Did the state “walk away from the bargaining table”?
Many months of negotiations between the state and the HSTA concluded when the HSTA board rejected the final offer that was agreed to by its designated HSTA negotiators. Faced with no agreement and no counter offer, everyone needed to prepare for the upcoming school year. Implementation of the “last, best, and final” offer was the only recourse available to begin the school year on time.
3:48 p.m. Talking About Energy
“Energy Independence: A Plan For The Future” is on tap for 6 p.m. at Democratic State Headquarters at Ward Warehouse.
Speakers include Estrella Seese, Robert Harris, Henry Curtis, Richard Ha and Ray Starling. Click here for more info.
2:12 p.m. Senate Expresses ‘Shared Sacrifice’ on Budget
By a vote of 69-27, the U.S. Senate today approved a motion to proceed with a bill that expresses “the sense of the Senate on shared sacrifice” in resolving the budget deficit.
Dan Akaka and Dan Inouye were in the majority on the vote; only one Democrat, Ben Nelson of Nebraska, voted with 26 Republicans in the minority.
9:05 a.m. Hanabusa Joins Energy Caucus
Colleen Hanabusa has joined the newly formed Defense Energy Security Caucus, a “bipartisan group focused on educating Congress and the American people on the importance of utilizing sustainable and renewable energy solutions within the U.S. military,” according to a press release.
“The caucus will serve as a forum where members of Congress, DoD officials, military leaders, and energy industry experts can have discussions and exchange ideas,” the release explains.
Roll Commission Applicants Wanted
The governor is seeking applicants for the new five-member Native Hawaiian Roll Commission that will “build the foundation” for self-determination, according to the administration.
The four requirements for the job include the following:
Be an individual who is a descendant of the aboriginal peoples who, prior to 1778, occupied and exercised sovereignty in the Hawaiian islands, the area that now constitutes the State of Hawaii; or an individual who is one of the indigenous, native people of Hawaii and who was eligible in 1921 for the programs authorized by the Hawaiian Homes Commission Act, 1920, or a direct lineal descendant of that individual.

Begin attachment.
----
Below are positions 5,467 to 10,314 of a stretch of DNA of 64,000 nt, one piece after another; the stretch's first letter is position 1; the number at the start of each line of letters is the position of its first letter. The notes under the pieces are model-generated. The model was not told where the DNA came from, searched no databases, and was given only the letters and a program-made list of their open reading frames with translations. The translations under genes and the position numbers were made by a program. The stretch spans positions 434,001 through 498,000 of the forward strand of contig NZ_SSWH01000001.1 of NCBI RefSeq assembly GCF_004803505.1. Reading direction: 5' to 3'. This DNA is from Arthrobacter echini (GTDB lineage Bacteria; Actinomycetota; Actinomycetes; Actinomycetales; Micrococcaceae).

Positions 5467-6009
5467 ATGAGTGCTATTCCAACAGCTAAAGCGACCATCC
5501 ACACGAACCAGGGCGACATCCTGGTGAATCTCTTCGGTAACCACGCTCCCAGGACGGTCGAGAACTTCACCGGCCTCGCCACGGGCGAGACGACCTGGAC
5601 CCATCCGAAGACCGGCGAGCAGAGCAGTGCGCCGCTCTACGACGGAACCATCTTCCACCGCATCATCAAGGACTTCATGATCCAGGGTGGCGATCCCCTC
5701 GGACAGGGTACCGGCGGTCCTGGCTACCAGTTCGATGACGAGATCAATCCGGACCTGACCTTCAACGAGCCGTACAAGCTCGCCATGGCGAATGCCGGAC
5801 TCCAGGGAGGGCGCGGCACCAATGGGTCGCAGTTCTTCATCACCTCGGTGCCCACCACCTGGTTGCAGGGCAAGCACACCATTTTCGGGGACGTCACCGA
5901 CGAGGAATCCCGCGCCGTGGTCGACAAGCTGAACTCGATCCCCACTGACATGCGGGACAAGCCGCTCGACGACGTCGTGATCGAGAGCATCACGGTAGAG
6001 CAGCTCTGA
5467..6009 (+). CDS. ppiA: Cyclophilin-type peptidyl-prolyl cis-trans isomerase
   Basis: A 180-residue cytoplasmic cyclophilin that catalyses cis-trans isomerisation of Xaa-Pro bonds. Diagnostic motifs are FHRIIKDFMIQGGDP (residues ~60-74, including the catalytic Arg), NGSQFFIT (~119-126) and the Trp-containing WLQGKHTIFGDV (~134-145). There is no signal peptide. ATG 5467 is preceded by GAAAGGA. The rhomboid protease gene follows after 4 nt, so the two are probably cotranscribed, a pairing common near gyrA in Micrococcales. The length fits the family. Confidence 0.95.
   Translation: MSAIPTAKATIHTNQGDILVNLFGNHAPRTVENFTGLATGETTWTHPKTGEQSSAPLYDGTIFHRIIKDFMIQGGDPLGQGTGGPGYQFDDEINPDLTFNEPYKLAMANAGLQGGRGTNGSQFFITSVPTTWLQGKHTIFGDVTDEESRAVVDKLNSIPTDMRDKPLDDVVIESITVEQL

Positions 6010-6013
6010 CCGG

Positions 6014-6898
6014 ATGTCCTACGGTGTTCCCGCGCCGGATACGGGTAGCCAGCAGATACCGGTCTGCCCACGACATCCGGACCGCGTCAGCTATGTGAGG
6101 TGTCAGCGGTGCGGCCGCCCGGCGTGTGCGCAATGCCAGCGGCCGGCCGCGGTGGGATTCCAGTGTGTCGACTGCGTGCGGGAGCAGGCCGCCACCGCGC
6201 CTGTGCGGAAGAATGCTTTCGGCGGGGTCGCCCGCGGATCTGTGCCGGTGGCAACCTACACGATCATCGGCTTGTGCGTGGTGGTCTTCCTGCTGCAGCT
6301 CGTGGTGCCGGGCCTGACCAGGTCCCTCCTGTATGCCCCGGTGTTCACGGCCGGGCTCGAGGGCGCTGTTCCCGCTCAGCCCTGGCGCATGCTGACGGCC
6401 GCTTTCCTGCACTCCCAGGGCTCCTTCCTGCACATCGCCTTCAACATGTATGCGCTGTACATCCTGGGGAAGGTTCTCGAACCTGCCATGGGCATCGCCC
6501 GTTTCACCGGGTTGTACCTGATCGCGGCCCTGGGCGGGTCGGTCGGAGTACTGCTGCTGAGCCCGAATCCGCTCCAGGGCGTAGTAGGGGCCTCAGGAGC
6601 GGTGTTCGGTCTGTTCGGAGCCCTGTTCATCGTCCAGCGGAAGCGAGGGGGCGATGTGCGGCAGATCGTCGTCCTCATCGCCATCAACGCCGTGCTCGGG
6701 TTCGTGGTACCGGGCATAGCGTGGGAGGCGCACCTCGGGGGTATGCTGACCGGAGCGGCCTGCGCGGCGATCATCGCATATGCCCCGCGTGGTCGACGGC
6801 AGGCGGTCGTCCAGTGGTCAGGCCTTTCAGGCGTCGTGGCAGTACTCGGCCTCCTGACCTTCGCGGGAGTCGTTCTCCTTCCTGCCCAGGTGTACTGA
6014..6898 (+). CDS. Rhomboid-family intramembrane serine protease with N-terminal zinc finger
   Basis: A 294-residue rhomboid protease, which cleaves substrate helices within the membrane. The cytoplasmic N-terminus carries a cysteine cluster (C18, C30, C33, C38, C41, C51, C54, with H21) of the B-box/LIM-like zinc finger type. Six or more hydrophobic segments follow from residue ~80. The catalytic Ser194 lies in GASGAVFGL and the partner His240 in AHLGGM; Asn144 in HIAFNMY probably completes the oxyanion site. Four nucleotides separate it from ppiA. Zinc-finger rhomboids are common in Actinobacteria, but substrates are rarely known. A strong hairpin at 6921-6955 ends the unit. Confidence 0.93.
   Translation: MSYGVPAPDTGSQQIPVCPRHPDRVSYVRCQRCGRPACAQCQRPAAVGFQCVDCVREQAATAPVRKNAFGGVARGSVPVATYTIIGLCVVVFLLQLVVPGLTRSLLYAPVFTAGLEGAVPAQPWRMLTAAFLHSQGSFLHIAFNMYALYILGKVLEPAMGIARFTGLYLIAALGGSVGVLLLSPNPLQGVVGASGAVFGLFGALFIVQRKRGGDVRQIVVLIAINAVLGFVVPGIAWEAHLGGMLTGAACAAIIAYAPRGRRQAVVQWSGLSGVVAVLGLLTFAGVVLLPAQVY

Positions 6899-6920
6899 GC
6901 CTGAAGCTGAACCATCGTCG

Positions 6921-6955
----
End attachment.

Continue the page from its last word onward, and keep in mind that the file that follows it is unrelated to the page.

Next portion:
No Break for Hawaii Reps
Eric Cantorhas canceled the July recess that was to have begun the week of July 18, so that the U.S. House can deal with the Aug. 2 debt-ceiling deadline.
Harry Reid previously canceled the Senate‘s break.
House Slows Military Gay Marriage
The U.S. House on Friday voted 236-184 to prohibit military chaplains from performing same-sex marriages on the nation’s military bases regardless of state law.
Republican Tim Huelskamp, sponsor of the amendment, said he wanted to ensure that “America’s military bases are not used to advance a narrow social agenda.”
Mazie Hirono and Colleen Hanabusa voted against the amendment, a vote that was heavily along party lines.
The gay advocacy site The Advocate says Hawaii and especially Maui are hot travel destinations, thanks to the new civil unions law and a ban on gender discrimination in employment.
Hawaii is also now, without question, the birthplace of our nation’s most gay-friendly president. It’s a new day for the Aloha State, and the perfect time to reward Hawaii with your company.
Forbes Hates Hawaii Tax on Rich
Forbes has an article lamenting the signing of Senate Bill 570, “making Hawaii the first state in the nation to place a dollar cap on the itemized deductions that better-off taxpayers can claim.”
Note that Hawaii already has the highest state income tax rate in the nation — a hefty 11 percent on taxable income above $400,000 for a couple or $200,000 on a single.